TpT Teacher-Authors Say

Teachers Pay Teachers (TpT) Teacher-Authors are no strangers to the struggle of getting students to write. In fact, many of them have worked tirelessly in their classrooms and then in their stores to create resources that help teachers address this exact issue. On TpT, in fact, there are just over 400,000 resources for writing, including over 70,000 that were added to the site in just the past 12 months. In addition, consistent with the idea that writing is taught within other subjects rather than on its own, only about 30 percent of those resources were also tagged with ELA, with the remaining 70 percent tagged in other subjects including Math, Science, and Arts & Music.

Below, a few of these Teacher-Authors give their tried-and-true tips for improving student writing through engagement:

1. TpT Teacher-Author Keri Brown describes her most successful experiences teaching writing: “When I taught 1st [grade], I wanted my students to get excited about writing about different things. I started creating a story that went with a shocking/surprising picture. First I’d tell part of the story and then show the picture. For example, a shark coming out of the water. Then, I’d finish the story and ask ‘What would you do if you saw xyz?’ or ‘What would you do next?’ In their writing, they had to use words that they wouldn’t normally use. They were supported in writing more difficult responses each time we did this activity. They were more engaged in the story and their actual writing time. It was a serious game changer. Because of that, I created the ‘Listen. Draw. Respond set’ that included pictures, stories, and the writing templates.”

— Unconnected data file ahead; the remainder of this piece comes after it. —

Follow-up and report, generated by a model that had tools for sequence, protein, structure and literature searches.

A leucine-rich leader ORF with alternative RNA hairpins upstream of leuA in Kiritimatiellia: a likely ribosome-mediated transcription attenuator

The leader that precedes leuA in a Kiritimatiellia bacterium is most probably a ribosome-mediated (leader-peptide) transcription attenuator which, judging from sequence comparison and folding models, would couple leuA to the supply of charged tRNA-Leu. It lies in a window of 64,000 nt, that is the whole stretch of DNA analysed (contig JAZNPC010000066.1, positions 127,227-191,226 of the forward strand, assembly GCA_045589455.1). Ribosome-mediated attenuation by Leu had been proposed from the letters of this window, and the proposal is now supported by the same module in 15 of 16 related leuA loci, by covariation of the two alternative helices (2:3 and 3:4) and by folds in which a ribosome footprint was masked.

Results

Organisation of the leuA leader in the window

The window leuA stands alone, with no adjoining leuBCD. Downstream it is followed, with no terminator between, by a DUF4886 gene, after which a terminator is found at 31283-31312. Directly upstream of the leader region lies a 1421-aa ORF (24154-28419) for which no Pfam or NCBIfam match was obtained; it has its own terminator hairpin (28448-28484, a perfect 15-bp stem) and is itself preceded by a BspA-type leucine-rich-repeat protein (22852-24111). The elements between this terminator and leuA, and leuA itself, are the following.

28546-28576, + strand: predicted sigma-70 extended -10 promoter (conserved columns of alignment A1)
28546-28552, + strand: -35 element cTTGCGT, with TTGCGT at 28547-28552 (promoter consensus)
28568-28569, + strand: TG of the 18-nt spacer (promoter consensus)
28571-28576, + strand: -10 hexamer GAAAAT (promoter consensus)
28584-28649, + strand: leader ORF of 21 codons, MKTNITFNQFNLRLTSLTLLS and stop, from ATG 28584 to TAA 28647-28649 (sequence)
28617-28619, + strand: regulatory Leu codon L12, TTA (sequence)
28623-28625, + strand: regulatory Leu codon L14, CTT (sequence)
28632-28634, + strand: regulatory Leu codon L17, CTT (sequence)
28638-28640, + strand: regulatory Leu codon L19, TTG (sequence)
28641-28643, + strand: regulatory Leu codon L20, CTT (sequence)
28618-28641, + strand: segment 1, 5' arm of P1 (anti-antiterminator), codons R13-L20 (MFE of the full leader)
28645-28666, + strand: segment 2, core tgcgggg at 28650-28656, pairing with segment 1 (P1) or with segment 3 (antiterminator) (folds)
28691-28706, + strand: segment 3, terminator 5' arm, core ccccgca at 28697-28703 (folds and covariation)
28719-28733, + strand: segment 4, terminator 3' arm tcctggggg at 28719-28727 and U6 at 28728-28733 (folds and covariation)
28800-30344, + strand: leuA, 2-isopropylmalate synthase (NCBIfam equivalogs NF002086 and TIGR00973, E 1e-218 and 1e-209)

2. TpT Teacher-Author Kristin from Samsons Shoppe explains: “As a science teacher, I know writing skills still need to be incorporated in this subject area. Students need to respond to prompts, show their thinking in lab activities, and through inquiry- based activities to demonstrate their knowledge of scientific principles. In the past, hands-on station activities have helped to motivate short writing responses. I use the CER (claim, evidence, reasoning) strategy with my science students. This is a research-based practice where I use a ‘formula’ with my students. This formula helps my reluctant and struggling learners to be able to show their knowledge in a succinct way without having to write lengthy responses that will immediately turn them off.”

3. TpT Teacher-Author Gina from AP Lit and More – Literature and Writing Resources, offered this helpful tip from her high school class: “I’ve found that by removing a word or page count, students get less hung up on quantity and are able to focus more on quality. For our career paper, I include no word count requirement. Instead, we go over all of the content that needs to be included, as per the rubric. This motivates them to write for quality rather than quantity. Papers still end up ranging from 6-10 pages with this method, because they want to tell include all of the relevant details.”

In Conclusion

Writing instruction must start with getting students to put words on a page. While that idea may sound simple, as an educator, you know that it isn’t. We hope these tips help you continue to support your students on their respective journeys to becoming stronger and more confident writers.

Writing Resources to Check Out:

Authentic Writing Project: Creating Teen Magazines
Opinion Writing Prompts – 10 Prompts Ready to Print and Write!
Writing Task Cards – Grammar Through Writing (Level 2)
Personal Narrative Writing Unit {Small Moments}
5 Paragraph Informative Writing Graphic Organizer W.3.2
Writing Lessons – Engaging Writing – COMPLETE Writing Curriculum

Source : teacherspayteachers